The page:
The devastating floods in Thailand are a reminder that climate-related challenges are here to stay. The government needs to act boldly.
The world’s attention is on Europe, which is financially underwater, but spare a thought for Thailand, which is literally so. Over 500 people are reported to have died in the recent floods, the worst in 50 years. Thailand’s 2012 budget could have been the first salvo in a determined effort to deal with the country’s perennial vulnerability to floods through water management projects with high economic returns. Instead, the budget included several populist handouts that could have been put to better use.
The floods covered half the country’s land area, including an estimated 15 percent of the agricultural planted area, and with projected losses of about 6 million tons of milled rice. Some 2.8 million households are reported to have been affected, and about 10,000 factories inundated, leaving over 600,000 people out of work. Corporations such as Apple, Honda, Toyota, and Western Digital have suspended production, affecting their operations as far afield as Brazil and England. Destruction to assets is expected to exceed $10 billion (3 percent of GDP), and GDP growth this year will be hit by between 1 to 2 percentage points. To make matters worse, these losses have come when Thailand was just recovering from the knock-on effects of the Japanese earthquake and tsunami earlier this year.
While the current Thai floods have been particularly severe, they weren’t unexpected. Thailand has 25 river basins and 90 percent of annual rainfall occurs from May to October; as a result, floods in Thailand occur almost every year. But many climate change scientists have been predicting that matters are likely to get worse—floods, droughts, and storm surges may increase in frequency and severity in Southeast Asia. Of late, rains in Thailand have been more erratic and more plentiful. In 2010, for example, Thailand faced its worst drought in 20 years, and then extensive flooding later in the year. Making matters worse, Bangkok and the surrounding area—which accounts for 40 percent of Thailand’s GDP—is just one meter above sea level and is sinking gradually, making it highly vulnerable to storm surges from the Gulf of Thailand. The city is ranked among the top 11 Asian mega-cities at risk from climate change. Fortunately, storm surges didn’t strike during the current floods, which were due to unusually heavy rains, or the cost to life and property would have been much greater.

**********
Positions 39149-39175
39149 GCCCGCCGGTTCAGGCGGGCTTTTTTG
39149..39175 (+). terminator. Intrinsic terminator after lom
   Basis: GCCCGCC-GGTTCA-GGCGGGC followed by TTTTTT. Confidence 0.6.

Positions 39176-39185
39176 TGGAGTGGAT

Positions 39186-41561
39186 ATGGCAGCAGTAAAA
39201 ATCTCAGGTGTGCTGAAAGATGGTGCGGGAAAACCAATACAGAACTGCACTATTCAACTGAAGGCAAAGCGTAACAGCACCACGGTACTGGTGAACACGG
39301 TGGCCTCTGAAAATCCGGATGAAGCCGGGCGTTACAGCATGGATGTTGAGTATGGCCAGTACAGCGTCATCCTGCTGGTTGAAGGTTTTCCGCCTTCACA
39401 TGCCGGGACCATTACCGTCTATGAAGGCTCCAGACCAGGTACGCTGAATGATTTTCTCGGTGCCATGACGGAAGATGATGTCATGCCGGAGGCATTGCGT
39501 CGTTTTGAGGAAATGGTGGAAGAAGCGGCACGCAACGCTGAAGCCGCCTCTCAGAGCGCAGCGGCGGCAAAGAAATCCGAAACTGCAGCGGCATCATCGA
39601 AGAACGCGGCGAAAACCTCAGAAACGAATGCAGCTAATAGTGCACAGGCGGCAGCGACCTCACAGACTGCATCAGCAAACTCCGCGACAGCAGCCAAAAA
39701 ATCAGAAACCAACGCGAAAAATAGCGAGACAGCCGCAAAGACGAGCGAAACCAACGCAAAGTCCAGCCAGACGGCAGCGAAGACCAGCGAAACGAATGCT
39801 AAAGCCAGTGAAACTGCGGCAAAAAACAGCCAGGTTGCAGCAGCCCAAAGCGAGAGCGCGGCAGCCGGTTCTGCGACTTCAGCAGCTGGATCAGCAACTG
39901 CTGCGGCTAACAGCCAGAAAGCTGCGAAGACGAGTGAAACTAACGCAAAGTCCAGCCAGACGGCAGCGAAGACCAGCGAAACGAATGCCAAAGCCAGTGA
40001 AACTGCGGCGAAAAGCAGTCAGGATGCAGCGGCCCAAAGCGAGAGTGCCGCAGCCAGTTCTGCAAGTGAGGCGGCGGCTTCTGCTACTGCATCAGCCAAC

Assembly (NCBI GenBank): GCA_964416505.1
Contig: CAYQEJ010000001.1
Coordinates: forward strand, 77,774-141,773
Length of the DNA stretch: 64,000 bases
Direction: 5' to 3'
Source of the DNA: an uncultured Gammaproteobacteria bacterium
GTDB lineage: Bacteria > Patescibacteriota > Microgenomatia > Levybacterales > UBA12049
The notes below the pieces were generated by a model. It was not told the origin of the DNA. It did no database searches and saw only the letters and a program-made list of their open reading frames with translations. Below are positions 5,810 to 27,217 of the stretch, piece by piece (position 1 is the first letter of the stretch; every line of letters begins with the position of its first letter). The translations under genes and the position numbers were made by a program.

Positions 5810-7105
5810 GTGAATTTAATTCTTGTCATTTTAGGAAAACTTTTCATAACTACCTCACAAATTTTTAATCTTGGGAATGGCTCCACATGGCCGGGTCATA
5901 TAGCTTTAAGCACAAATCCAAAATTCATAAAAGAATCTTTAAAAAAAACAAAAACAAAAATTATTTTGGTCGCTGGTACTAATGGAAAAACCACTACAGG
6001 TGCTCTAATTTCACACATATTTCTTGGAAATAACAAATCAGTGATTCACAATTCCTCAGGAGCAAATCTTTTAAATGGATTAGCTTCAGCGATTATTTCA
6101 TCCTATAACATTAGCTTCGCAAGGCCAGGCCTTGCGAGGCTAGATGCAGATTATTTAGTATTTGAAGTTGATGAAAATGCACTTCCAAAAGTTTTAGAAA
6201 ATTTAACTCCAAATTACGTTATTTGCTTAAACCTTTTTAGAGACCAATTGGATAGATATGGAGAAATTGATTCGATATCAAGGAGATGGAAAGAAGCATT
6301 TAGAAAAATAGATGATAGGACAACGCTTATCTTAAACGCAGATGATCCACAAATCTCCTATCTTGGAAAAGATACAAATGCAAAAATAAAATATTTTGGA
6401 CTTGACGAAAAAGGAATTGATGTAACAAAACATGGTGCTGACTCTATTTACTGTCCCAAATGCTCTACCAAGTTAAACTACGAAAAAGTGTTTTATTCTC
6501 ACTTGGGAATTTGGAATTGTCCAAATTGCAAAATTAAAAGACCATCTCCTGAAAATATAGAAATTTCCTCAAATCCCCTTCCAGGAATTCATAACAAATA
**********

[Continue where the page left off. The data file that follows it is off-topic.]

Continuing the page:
The floods are a stark reminder that Thailand—and Bangkok—face a future where climate-related risks are likely to rise. Everyone’s attention is rightly focused on dealing with the immediate consequences of the current calamity and its aftermath. But the government also has a golden opportunity to focus on changing the policies of the past that focused on growth to the detriment of sustainability, and it could reorient attention toward managing future climate-related risks and lowering them over time so that growth and welfare improvements can be sustained.
The government can best do this by significantly expanding budgetary allocations to water management, targeting these expenditures to high priority projects, and keeping enough fiscal space in reserve to deal with unexpected future risks (including a possible prolonged and serious downturn in the global economy). In this regard, however, the proposed 2012 budget was disappointing. Its tax and subsidy giveaways to corporations, car buyers, and home owners can hardly be considered a high priority use of resources. And its allocation for water management, although an increase over previous years, is small relative to the country’s needs. Such investments could not only yield high economic returns—a recent World Bank-financed report on the Bangkok metropolitan area estimated the rate of return to be between 8.5 percent and 11.5 percent in real terms—they also help the poor who are most affected by the floods and the least able to cope. These are projects that will not only be good for the long term growth of the country, but also be popular among the voters.
Appropriate budgetary allocations, however, are only part of the answer. Thailand also has to streamline and energize its water management institutions. At last count, there were eight institutions, each with different objectives and mandates, and little if any coordination between them. Some of them haven’t fully absorbed the implications of climate change and extreme weather events for their planning. Few engage with local communities and employ participatory approaches to dealing with flood risks and water management. And for some, decisions are too easily swayed by powerful interests at the expense of the public good and often the poor.
At the same time, Thailand must act quickly and avoid mistakes. Managing risks from extreme weather events, be they droughts, floods, or storm surges, requires fundamental changes in urban design and effective land use planning. Relevant municipal irrigation, infrastructure, and flood management institutions need to be streamlined and overhauled. Systems are required to deliver timely public information on water-related risks. And above all, there need to be relentless and continued efforts to provide appropriate infrastructure that help manage the conservation and drainage of water while at the same time supporting an efficient and competitive economy.
The agenda is massive and the need is urgent. The government’s 2012 budget may have fallen short, but all is not lost. The 2011 floods are a wake-up call to the people and government of Thailand that climate-related risks are serious and here to stay, and require a serious and determined response.
Vikram Nehru is a senior associate in the Asia Program at the Carnegie Endowment for International Peace. He is a former official at the World Bank.
Photo Credit: Ayutthaya Province Floods